With trees dating as far back as Stonehenge and the Egyptian pyramids, these majestic old forests are living shrines to the ancient past.
I love people, but we sure are an arrogant species – we think we're better than trees, but if trees could laugh at us, they probably would (between curses, of course). We may not be rooted to one place and sure, we have opposable thumbs with which to operate our smartphones, but trees have the thing we covet most and will never have – mind-boggling longevity! The forests on the following pages play home to some of the oldest living things on the planet, some dating back almost 5,000 years. Respect to the trees, they win.
1. Tongass National Forest: Alaska
At a whopping 16.8 million acres, this temperate rain forest, pictured above, is almost as big as Vermont, New Hampshire and Massachusetts combined! This qualifies Tongass as the largest national forest in America, as well as largest intact coastal temperate rain forest in the world.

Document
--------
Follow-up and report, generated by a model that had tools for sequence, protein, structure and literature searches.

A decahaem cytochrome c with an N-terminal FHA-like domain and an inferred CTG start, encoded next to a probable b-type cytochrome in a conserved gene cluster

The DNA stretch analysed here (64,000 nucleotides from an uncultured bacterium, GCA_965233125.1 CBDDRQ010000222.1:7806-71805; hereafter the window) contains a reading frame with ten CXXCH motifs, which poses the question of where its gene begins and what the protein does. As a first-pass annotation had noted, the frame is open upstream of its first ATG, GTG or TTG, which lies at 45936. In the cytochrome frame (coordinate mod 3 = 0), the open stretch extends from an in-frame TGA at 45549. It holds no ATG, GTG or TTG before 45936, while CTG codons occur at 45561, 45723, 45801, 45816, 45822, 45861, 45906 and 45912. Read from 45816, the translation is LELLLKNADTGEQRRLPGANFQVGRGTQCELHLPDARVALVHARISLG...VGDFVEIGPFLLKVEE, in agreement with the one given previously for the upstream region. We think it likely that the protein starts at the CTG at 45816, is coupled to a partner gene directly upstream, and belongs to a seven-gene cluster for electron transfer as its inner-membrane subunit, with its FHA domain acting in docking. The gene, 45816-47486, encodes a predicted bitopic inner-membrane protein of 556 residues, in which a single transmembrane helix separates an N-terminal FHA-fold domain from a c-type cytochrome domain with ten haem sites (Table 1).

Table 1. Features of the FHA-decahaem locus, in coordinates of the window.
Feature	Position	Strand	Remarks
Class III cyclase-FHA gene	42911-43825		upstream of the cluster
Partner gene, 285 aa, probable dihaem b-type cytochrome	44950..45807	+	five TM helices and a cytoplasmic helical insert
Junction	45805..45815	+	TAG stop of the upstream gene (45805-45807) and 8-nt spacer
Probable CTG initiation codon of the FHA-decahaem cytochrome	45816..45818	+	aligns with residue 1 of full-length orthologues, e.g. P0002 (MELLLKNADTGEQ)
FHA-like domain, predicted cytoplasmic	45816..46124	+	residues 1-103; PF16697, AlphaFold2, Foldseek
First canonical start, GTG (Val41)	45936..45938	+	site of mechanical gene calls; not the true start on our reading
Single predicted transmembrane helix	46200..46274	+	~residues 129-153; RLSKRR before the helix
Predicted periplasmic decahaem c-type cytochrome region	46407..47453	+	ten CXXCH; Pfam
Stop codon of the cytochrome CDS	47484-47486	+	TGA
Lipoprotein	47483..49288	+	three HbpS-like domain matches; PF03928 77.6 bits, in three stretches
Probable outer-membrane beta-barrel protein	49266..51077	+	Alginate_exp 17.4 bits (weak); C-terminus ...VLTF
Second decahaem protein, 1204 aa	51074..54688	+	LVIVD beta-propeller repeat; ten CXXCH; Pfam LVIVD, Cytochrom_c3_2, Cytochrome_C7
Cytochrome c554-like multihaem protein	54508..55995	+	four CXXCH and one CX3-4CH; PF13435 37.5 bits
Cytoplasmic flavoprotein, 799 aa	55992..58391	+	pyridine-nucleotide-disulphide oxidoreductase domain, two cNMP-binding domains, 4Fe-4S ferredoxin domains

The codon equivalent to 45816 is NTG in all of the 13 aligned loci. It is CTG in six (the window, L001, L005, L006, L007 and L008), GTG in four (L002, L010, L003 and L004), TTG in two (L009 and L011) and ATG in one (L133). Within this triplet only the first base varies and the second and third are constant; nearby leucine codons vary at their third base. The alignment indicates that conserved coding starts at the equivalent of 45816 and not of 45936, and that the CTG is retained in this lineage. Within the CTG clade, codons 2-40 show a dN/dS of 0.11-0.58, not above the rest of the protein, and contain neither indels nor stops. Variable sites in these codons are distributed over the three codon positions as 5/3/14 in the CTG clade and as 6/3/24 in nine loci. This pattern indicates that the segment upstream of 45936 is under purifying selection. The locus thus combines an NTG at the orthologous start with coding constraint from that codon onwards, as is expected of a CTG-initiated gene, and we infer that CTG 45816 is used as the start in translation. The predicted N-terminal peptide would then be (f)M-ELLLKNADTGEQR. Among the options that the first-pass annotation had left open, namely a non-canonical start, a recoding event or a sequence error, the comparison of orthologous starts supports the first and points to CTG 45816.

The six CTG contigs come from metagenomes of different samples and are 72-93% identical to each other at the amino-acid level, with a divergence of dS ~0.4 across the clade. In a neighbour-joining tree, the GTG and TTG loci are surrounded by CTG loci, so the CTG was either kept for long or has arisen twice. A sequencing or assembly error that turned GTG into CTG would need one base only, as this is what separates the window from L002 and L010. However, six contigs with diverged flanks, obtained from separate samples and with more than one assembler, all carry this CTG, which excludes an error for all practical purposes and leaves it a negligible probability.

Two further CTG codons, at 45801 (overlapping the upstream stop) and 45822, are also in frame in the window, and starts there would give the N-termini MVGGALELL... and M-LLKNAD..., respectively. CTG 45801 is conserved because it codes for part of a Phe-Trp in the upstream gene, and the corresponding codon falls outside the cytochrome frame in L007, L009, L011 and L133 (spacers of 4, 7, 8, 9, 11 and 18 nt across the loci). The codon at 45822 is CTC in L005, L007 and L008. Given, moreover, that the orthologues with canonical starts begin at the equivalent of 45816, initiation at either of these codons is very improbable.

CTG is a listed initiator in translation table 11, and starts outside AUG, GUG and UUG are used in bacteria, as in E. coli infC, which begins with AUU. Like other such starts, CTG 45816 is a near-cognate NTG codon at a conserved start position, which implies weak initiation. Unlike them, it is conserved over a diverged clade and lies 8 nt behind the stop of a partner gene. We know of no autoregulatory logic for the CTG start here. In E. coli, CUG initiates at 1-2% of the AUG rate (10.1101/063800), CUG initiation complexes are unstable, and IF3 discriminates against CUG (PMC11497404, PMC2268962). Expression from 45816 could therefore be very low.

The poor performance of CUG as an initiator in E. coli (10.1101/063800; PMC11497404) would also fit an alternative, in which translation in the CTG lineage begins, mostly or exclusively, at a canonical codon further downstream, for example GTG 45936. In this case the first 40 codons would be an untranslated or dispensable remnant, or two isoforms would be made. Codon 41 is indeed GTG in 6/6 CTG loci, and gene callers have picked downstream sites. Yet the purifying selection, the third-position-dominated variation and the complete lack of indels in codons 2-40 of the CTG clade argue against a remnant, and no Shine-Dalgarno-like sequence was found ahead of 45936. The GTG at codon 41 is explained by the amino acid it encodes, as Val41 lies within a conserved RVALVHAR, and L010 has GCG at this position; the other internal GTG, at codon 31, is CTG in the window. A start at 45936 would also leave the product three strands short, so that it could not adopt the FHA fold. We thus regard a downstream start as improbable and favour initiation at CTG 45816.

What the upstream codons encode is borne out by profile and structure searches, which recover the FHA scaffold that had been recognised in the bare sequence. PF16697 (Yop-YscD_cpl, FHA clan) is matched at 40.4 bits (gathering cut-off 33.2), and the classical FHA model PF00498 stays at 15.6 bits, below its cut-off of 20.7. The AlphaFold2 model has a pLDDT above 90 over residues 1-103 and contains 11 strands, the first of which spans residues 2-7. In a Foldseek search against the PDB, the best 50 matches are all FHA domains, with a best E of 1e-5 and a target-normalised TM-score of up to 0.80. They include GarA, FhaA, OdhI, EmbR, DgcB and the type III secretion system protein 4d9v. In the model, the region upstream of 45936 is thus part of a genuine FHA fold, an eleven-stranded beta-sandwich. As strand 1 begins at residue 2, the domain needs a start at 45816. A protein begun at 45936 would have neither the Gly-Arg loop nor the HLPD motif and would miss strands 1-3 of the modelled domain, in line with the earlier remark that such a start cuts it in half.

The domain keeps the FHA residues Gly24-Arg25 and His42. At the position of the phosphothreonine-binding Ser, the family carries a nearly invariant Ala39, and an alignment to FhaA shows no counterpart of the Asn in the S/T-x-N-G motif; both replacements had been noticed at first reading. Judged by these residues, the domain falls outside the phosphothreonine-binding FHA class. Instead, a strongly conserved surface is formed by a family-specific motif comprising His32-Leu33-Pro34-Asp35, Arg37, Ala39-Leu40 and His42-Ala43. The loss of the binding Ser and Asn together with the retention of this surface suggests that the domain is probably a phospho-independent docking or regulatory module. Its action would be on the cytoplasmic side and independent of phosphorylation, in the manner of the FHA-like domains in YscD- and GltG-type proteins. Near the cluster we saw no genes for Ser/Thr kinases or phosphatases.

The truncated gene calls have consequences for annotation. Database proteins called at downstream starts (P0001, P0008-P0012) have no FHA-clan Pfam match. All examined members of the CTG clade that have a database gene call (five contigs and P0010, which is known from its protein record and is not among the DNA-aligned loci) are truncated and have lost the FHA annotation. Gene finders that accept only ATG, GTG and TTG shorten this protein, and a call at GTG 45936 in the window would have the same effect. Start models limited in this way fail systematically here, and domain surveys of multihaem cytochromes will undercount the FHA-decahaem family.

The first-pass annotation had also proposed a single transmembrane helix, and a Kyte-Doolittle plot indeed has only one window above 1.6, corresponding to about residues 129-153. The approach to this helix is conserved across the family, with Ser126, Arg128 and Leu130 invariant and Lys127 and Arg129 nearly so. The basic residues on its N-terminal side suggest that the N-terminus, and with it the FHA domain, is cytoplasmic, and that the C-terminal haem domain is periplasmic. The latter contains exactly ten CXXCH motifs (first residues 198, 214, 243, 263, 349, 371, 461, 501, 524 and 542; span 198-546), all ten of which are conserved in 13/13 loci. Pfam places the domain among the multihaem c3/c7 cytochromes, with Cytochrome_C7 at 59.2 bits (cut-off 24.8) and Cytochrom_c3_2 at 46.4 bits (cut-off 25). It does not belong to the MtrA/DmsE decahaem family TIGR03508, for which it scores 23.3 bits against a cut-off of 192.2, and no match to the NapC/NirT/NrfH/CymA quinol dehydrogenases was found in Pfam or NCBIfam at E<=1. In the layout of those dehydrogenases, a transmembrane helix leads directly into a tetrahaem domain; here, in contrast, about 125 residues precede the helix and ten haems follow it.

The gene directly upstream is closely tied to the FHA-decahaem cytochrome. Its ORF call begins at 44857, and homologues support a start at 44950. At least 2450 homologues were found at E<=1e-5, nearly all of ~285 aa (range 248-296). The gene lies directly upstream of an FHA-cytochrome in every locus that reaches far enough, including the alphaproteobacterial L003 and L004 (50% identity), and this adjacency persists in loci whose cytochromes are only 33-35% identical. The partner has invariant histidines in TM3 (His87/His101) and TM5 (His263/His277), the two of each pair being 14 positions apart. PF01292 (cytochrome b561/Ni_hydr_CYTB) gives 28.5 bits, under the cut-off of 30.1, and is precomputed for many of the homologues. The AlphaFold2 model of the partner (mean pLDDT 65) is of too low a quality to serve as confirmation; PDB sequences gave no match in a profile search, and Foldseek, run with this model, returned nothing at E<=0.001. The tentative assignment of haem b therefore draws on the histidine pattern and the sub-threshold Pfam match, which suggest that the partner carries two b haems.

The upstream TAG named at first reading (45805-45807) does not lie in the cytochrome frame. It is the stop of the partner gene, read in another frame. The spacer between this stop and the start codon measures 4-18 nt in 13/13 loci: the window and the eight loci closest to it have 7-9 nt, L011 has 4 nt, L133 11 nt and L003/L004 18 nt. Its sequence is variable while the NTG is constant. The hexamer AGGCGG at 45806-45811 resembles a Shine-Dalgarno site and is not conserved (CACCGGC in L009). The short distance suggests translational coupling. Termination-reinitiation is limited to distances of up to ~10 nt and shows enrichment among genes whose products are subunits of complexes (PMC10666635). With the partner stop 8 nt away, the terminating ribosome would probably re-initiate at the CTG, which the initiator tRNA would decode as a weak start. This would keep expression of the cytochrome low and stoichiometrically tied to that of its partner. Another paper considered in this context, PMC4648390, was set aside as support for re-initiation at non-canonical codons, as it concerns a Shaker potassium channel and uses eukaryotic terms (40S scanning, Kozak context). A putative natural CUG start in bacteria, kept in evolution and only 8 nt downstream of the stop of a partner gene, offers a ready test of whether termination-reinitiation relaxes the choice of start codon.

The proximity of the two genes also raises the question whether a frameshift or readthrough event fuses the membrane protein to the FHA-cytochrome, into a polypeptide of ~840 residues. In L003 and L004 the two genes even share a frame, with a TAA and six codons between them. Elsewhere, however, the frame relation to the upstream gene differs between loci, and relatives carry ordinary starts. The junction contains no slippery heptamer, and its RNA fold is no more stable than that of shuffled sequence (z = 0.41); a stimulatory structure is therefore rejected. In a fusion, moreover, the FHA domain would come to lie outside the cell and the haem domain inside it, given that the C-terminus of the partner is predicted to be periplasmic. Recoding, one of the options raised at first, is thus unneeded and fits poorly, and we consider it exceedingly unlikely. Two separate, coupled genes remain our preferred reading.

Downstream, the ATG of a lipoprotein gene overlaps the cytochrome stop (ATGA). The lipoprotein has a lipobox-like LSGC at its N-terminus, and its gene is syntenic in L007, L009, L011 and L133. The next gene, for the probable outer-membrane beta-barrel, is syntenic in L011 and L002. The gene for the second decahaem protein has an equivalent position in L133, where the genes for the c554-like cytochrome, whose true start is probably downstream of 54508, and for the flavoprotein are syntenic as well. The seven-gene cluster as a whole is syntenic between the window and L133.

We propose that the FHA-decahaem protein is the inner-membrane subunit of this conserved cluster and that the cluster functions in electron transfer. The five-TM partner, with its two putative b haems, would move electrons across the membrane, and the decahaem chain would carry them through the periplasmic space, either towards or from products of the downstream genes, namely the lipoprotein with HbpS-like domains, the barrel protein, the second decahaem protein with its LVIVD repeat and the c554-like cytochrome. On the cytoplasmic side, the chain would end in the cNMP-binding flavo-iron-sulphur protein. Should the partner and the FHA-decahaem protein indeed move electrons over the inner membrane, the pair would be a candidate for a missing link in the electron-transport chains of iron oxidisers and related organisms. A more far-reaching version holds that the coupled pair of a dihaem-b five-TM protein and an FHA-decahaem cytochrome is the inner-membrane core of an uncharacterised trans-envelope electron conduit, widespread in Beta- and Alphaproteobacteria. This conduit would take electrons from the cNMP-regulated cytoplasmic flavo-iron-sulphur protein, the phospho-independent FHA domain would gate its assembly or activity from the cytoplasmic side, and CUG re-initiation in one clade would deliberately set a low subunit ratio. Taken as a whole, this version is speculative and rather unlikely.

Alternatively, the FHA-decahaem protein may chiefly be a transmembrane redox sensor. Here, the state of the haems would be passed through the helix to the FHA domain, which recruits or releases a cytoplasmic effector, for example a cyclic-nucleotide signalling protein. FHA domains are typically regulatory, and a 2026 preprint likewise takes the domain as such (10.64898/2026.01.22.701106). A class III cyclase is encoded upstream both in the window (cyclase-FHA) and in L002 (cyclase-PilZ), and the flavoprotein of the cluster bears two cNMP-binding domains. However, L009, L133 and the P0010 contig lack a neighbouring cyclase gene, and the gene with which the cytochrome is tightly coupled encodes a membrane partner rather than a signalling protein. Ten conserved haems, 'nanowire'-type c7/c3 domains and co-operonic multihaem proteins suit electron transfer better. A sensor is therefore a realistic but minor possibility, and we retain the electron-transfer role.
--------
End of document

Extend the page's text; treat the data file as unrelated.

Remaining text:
Parts of the forest are estimated to be thousands of years old, with many living trees over 800 years old. National Geographic describes Tongass as an "exceptionally rich ecosystem that holds more organic matter—more biomass—per acre than any other, including tropical jungles. And that's not counting the equally lush forests of seaweed added to Tongass shores whenever the tide goes out."
As Tongass represents nearly a third of all old-growth temperate rainforests remaining on the planet, it also plays home to a staggering array of fish and wildlife, including all five species of Pacific salmon, grizzly bears, wolves, Sitka black-tailed deer, Northern Goshawks, and marbled Murrelets.